More specifically, the fair workweek ordinance applies to the City of Berkeley as an employer and any private employer with 10 or more employees in Berkeley that falls under one of the following four categories:  

  • A business primarily engaged in building services, healthcare, hotel, manufacturing, retail, or warehouse services industries, and employs 56 or more employees worldwide 
  • A business primarily engaged in the restaurant industry, and employs 100 or more employees worldwide 
  • A franchisee primarily engaged in the retail or restaurant industries and is associated with a franchise network with 100 or more employees worldwide 
  • A not-for-profit corporation organized in the industries described above, and employs 100 or more employees worldwide

Under the ordinance, covered employers are required to prominently post the Fair Workweek Poster developed by the City Manager’s Department in areas at the worksite so that it will be seen by all employees.  

Accordingly, the City Manager’s Department has released a poster for covered employers in English and Simplified Chinese. Failure to post may result in an administrative citation, with a fine of $500, which again stresses the importance of maintaining up-to-date city posters at impacted locations.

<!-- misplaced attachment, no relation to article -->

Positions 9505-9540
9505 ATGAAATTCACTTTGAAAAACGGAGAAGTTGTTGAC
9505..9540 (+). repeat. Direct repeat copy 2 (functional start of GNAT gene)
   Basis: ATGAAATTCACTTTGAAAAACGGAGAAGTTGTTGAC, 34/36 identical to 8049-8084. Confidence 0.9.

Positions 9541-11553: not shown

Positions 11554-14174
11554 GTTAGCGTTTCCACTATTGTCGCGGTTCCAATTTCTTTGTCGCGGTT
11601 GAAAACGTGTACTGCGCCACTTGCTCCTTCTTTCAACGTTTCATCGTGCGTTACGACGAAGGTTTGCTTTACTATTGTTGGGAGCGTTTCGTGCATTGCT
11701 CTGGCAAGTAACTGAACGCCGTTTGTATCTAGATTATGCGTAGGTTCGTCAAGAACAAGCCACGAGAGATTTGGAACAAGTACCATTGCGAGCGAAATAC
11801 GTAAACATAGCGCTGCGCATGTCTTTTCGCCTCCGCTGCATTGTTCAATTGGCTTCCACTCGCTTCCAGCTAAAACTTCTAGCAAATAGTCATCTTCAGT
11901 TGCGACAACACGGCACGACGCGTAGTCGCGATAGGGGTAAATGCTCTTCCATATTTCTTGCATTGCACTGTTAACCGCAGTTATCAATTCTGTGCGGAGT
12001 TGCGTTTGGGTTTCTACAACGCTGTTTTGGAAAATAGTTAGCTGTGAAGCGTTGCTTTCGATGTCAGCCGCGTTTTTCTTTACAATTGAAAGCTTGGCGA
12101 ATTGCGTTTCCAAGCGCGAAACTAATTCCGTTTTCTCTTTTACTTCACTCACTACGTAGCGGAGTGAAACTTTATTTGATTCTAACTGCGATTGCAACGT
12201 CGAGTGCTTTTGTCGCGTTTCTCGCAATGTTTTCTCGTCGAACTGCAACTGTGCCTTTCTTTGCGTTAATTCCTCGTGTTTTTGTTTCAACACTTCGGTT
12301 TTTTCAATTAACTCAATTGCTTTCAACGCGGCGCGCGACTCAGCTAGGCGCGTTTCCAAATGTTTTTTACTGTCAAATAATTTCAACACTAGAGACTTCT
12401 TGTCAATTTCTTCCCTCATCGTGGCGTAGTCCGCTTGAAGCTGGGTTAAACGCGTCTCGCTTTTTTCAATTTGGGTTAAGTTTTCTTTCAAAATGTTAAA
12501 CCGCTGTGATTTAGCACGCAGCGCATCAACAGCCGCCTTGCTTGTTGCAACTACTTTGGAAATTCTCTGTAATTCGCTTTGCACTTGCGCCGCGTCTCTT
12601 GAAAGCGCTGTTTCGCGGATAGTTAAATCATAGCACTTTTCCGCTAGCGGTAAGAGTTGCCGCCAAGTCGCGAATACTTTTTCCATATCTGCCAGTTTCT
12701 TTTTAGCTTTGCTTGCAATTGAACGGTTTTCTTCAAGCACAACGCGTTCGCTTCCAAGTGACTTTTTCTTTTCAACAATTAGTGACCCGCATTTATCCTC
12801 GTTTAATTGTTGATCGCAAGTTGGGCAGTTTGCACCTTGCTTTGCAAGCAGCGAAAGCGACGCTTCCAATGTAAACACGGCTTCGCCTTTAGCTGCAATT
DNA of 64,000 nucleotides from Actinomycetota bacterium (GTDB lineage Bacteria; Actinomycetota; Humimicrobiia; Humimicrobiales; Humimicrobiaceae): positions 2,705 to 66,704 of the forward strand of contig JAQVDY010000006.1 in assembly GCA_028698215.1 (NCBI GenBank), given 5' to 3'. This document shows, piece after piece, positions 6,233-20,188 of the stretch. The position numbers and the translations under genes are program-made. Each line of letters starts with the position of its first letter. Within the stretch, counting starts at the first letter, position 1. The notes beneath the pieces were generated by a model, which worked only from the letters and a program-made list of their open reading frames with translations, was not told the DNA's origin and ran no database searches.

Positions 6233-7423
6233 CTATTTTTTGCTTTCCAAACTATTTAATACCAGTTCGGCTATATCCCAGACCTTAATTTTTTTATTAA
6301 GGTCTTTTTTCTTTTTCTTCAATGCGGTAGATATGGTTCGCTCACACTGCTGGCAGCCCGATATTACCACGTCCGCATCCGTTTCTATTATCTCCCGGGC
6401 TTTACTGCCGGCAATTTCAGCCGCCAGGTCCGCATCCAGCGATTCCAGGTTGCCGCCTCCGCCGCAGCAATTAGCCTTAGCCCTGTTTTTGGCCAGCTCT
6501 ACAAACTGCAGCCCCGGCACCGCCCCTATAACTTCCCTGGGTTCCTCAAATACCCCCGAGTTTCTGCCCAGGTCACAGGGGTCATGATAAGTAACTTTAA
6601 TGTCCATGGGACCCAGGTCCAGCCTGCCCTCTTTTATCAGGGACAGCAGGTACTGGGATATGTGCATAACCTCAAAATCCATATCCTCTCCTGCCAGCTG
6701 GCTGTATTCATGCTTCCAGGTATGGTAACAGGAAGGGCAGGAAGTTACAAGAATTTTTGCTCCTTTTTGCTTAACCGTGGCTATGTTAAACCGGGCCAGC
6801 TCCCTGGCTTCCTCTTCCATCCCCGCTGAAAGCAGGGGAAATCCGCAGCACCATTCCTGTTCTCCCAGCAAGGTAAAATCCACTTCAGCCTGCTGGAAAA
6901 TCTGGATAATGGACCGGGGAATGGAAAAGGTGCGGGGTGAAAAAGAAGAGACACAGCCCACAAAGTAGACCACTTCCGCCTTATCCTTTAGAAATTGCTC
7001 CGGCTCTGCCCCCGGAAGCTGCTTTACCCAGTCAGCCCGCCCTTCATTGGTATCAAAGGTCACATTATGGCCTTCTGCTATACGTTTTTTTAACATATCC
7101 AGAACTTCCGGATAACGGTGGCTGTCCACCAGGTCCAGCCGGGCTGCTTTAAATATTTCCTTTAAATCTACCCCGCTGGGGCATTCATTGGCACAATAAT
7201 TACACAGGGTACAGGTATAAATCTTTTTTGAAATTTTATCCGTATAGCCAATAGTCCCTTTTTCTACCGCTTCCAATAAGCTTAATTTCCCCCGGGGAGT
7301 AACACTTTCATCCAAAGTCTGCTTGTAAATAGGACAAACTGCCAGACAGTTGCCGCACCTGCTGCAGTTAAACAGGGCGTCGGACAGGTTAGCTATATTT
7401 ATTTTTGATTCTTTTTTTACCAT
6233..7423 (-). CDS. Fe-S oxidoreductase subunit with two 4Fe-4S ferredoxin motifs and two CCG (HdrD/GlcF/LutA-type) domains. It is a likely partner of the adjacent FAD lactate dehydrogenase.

While the fair workweek ordinance went into effect on Jan. 1, 2024, it became operational on Jan. 12, 2024. Nevertheless, the City of Berkley has indicated that its goal through early 2024 is to support covered employers and employees in implementing the new ordinance.  


Employers operating in the above jurisdictions should confirm they have the new labor law poster releases displayed at impacted workplaces. In addition to posting, employers must ensure they are aware of the additional labor law requirements and employment obligations under the new laws and ordinances.  

For more information on poster compliance, check out our labor law poster compliance resources.  

This Employment Law News blog is intended for market awareness only, it is not to be used for legal advice or counsel.